Adrian J. Boas
On Appreciation of the Elbow
The elbow is one of the quirkier parts of the human anatomy. It is useful but somewhat grotesque, rather like the ear. It is difficult to think of what adulatory remarks might be said about it. Can you imagine a poem by Keats titled Ode to an Elbow, or such a comment, in a novel as: "She had such exquisite elbows, so perfectly formed. I gazed on them with adoration..."? No, it just doesn't work. Admittedly, elbows are not entirely absent in art. Sculptors occasionally have a go at them, but only as a detail, and I have never come across a painting focusing on them - Still Life with an Elbow... Study of an Elbow in White. With the exclusion perhaps of a perverted few, no one finds the elbow to be a sensual thing. But if it is short on beauty, it makes up for it in usefulness. It is really an unsung hero of the human body. Think about it... where would humanity be without the elbow? Progress depends upon it. Without an elbow, how could you scratch your ear?
Frankish architects might then fall into the category of the "perverted few", for they indeed did take note of the elbow, adopting its form in their buildings. Like the human elbow, their constructed version was functional, and it had the advantage over the human one in also being somewhat attractive in form. In the eyes of the Franks it was indeed so attractive that it was chosen for use in some of the most important buildings constructed in the Latin East, not least among them, the Church of the Holy Sepulchre.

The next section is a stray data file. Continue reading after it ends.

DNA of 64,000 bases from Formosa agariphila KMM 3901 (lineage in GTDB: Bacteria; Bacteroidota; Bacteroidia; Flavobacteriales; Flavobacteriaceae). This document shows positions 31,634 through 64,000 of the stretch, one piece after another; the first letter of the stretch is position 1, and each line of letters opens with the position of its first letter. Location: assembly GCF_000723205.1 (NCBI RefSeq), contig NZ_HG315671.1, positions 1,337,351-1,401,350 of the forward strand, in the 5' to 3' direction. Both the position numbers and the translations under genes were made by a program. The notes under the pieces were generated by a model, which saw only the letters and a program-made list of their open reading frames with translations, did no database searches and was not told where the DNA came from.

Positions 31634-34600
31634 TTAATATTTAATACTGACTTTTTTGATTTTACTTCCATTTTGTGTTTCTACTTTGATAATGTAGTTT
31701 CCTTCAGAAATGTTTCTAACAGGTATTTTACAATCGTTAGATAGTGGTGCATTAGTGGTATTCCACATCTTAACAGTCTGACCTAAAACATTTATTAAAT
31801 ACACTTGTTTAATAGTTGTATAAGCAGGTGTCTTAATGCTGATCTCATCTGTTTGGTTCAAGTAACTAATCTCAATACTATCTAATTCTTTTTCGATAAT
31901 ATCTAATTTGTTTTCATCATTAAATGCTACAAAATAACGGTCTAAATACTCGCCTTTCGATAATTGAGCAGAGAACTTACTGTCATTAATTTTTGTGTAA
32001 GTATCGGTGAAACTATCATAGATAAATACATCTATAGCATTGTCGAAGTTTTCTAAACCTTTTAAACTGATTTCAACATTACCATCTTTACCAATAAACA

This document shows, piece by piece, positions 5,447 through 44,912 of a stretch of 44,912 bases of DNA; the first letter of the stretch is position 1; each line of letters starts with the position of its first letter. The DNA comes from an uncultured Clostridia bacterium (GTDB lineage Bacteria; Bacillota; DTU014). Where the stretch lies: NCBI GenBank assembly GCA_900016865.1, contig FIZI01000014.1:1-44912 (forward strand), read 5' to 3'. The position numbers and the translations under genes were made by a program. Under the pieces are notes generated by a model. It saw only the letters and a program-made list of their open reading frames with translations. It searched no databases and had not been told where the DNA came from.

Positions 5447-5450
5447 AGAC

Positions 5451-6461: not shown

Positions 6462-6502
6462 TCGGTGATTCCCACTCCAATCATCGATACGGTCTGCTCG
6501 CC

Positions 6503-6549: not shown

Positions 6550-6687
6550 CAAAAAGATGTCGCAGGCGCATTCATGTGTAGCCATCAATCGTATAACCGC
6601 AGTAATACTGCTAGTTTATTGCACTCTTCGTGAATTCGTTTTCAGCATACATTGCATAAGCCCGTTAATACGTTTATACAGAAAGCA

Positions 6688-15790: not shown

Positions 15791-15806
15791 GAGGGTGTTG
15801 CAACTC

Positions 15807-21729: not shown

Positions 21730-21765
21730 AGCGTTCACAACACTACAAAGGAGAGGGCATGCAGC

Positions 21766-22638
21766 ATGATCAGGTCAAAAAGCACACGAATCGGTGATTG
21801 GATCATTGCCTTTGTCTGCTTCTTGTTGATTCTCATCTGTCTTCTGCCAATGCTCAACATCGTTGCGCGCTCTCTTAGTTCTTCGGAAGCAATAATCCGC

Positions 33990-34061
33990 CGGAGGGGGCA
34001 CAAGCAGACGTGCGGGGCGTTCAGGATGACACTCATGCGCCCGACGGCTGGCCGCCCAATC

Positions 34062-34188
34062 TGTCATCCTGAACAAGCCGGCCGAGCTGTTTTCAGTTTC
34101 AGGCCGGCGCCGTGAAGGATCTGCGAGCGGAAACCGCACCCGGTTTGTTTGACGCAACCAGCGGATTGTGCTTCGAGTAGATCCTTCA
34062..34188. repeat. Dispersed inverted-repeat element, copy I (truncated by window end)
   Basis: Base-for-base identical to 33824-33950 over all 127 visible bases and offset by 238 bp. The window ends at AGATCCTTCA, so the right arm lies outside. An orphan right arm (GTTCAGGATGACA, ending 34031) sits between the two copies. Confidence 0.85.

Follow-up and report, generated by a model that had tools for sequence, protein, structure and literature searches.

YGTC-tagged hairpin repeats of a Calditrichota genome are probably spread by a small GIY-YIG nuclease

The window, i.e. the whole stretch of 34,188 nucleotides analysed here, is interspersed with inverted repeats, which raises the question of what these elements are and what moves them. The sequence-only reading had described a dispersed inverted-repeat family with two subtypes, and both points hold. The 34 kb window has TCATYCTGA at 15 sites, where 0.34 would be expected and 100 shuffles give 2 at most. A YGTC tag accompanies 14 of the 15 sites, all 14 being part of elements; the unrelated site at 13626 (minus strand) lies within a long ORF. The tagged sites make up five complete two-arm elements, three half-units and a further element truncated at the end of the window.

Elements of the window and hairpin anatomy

The elbow column, "An Original Crusader Creation" as Esther Grabiner referred to it, is a type of bracket or corbel in the form of a column or double column projecting horizontally from a wall and immediately or almost immediately bending vertically, like an elbow.* It is topped with a carved capital and abacus on which it supports a transverse arch. It takes the weight of a vault down and out into the thickness of the wall. Grabiner notes that there are some seventy examples found in the ecclesiastical architecture of the twelfth century kingdom of Jerusalem. Almost all are found in Jerusalem itself or in buildings in its vicinity, the only exceptions being four examples carved in basalt from Belvoir Castle. As the latter may also be the product of Jerusalem artisans, it is possible that this was a form that evolved in Jerusalem. As such it would be a unique contribution of the Latin East to Romanesque architecture, though one that appears to have had negligible impact on European Romanesque. Nonetheless, the choice of this element in the ecclesiastical architecture of the Holy City goes some way to rehabilitating this not so much maligned as overlooked feature of the human anatomy.
*Esther Grabiner, "The Elbow Column: An Original Crusader Creation", in Silvia Rozenberg, ed., Knights in the Holy Land, Jerusamem, 1999, pp. 193-201.